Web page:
Deep inside your ear there's a tiny thing you may not know about - a dead-end tube called an endolymphatic sac. Details on its function have been debated, but it was only in 2018 that scientists figured out (at least in part) what this odd structure is for.
According to a chance discovery in zebrafish, the endolymphatic sac may play the role of some kind of 'safety valve' in the inner ear.
The story behind the find starts several years ago when Harvard Medical School systems biologist Ian Swinburne made a connection between a pulsating blob of cells in a developing zebra fish and that cul-de-sac thing poking out of our own inner ear.
If you missed seeing it on your high school biology exam, don't worry about it. You won't often find the endolymphatic sac on diagrams of the inner ear; possibly because none of us know what it actually does.
Imagine your inner ear as a long tube shaped like a weird snail. At one end, it curls into a shell-like structure called a cochlea. At the other – where the snail's eyes would be – there are three perpendicular loops called a labyrinth.
Fluid in the snail-shell part transfers waves we interpret as sound, while the fluid in the loops acts like a biological spirit-level, sloshing about to tell you which way is up.
Between these two structures, behind the window where a tiny hearing bone called the stapes plugs in, there are two chambers called the utricle and the saccule. These chambers in turn connect to a short, thin tube ending in that mysterious sac. Try to picture it hidden behind the diagram below:
While nobody is certain about what it does, there are some clues. It's understood to have a starring role in Ménière disease, a condition characterised by symptoms that include vertigo and tinnitus.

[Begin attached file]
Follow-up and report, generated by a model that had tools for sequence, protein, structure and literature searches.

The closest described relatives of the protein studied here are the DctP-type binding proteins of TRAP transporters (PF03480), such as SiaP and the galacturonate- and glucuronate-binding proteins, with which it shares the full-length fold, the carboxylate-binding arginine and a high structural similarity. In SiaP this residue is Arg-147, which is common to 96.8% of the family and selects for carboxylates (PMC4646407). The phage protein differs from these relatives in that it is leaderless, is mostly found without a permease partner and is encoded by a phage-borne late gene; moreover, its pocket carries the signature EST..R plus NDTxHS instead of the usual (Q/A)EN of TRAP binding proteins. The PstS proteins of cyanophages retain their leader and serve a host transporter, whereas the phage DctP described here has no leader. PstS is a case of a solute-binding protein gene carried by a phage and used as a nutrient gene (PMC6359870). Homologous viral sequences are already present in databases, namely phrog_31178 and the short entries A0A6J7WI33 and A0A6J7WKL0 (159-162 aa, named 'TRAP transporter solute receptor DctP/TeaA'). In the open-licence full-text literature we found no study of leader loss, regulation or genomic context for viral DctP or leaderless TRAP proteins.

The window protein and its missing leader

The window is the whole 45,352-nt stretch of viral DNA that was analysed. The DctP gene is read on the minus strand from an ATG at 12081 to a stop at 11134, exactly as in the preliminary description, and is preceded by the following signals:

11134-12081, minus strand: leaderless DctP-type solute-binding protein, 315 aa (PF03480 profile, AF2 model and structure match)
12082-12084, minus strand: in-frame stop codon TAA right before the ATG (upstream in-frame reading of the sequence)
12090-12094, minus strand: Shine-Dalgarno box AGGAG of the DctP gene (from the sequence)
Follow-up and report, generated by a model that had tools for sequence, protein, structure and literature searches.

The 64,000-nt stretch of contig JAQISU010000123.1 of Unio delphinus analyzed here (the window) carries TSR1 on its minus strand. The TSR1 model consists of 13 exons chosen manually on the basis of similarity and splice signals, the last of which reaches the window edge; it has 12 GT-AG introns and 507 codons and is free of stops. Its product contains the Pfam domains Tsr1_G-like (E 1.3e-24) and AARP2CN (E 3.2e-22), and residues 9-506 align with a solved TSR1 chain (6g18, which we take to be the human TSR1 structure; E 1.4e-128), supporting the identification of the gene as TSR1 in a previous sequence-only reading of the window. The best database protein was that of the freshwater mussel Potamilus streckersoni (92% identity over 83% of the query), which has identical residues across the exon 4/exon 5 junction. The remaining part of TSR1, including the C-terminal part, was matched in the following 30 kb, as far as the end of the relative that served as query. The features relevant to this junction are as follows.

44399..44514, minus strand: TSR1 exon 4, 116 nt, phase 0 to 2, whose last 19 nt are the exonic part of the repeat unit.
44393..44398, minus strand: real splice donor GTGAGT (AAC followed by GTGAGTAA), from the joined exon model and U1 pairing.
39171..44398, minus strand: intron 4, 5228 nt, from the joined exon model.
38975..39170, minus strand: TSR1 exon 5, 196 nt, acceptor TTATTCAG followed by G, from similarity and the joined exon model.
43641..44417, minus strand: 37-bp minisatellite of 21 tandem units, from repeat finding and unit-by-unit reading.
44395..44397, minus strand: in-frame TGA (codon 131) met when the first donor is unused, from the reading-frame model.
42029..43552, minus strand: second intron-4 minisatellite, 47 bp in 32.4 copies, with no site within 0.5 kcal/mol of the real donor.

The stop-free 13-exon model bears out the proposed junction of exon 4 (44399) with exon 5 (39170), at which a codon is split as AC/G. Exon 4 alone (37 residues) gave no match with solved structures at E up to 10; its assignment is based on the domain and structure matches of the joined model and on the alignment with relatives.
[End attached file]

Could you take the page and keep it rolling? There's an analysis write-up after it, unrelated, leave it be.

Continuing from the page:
The disease is presumed to be caused by excess fluid in the inner ear overinflating the structure, and since surgery on the endolymphatic sac has been shown to help alleviate symptoms, the sac probably has something to do with fluid regulation.
Circumstantial evidence is a good place to start, but Swinburne and his zebrafish offered an opportunity to do a compare and contrast on this weird bubble of tissue.
Watching the endolymphatic sac at work inside something as dense as a human head is easier said than done. But in the zebra fish, Swinburne could use dyes to watch and record the movement of fluid slowly flow in and then quickly out of the tiny structure.
There was just one question.
"We had all these movies where you could see the whole structure pulsing, and when Ian injected dye into the sac we could see fluid flowing out," said Swinburne's postdoctoral advisor Sean Megason back in June 2018.
"But it wasn't clear how that fluid was getting out. It seemed like something weird was going on."
Then, the team got lucky. In a separate zebrafish study, a mutant fish with a variation of a certain genetic regulator happened to have an endolymphatic sac that was larger than usual.
Whatever this mutated gene did, it seemed to cause the structure to overfill and fail to deflate properly, hinting at a structural difference that might show how a normal sac works.
Using high-resolution electron micrographs the researchers found their answer. Inside the sac there were overlapping, flap-like projections called lamellae poking out of the cells.
"Biologists like to say that structure determines function," said Swinburne. "When we saw the lamella for the first time, it all clicked."
The cells lining the endolymphatic sac appear to have spaces between them to allow fluid to pass. Those lamellae plug the gaps, but as the pressure builds they slide apart, until suddenly the whole sac can leak like a sieve.
A closer look using more advanced microscopy techniques showed that this was indeed what was happening.
"It looks like a cell that's migrating, but they are part of the epithelium. It's really weird cell biology," said Swinburne.
For people who suffer problems maintaining the balance of fluid in their inner ear, new information about the endolymphatic sac's role as a pressure release valve could one day come in handy.
And just maybe we can finally add it into those anatomy text books.
This research was published in eLife.
A version of this article was first published in June 2018.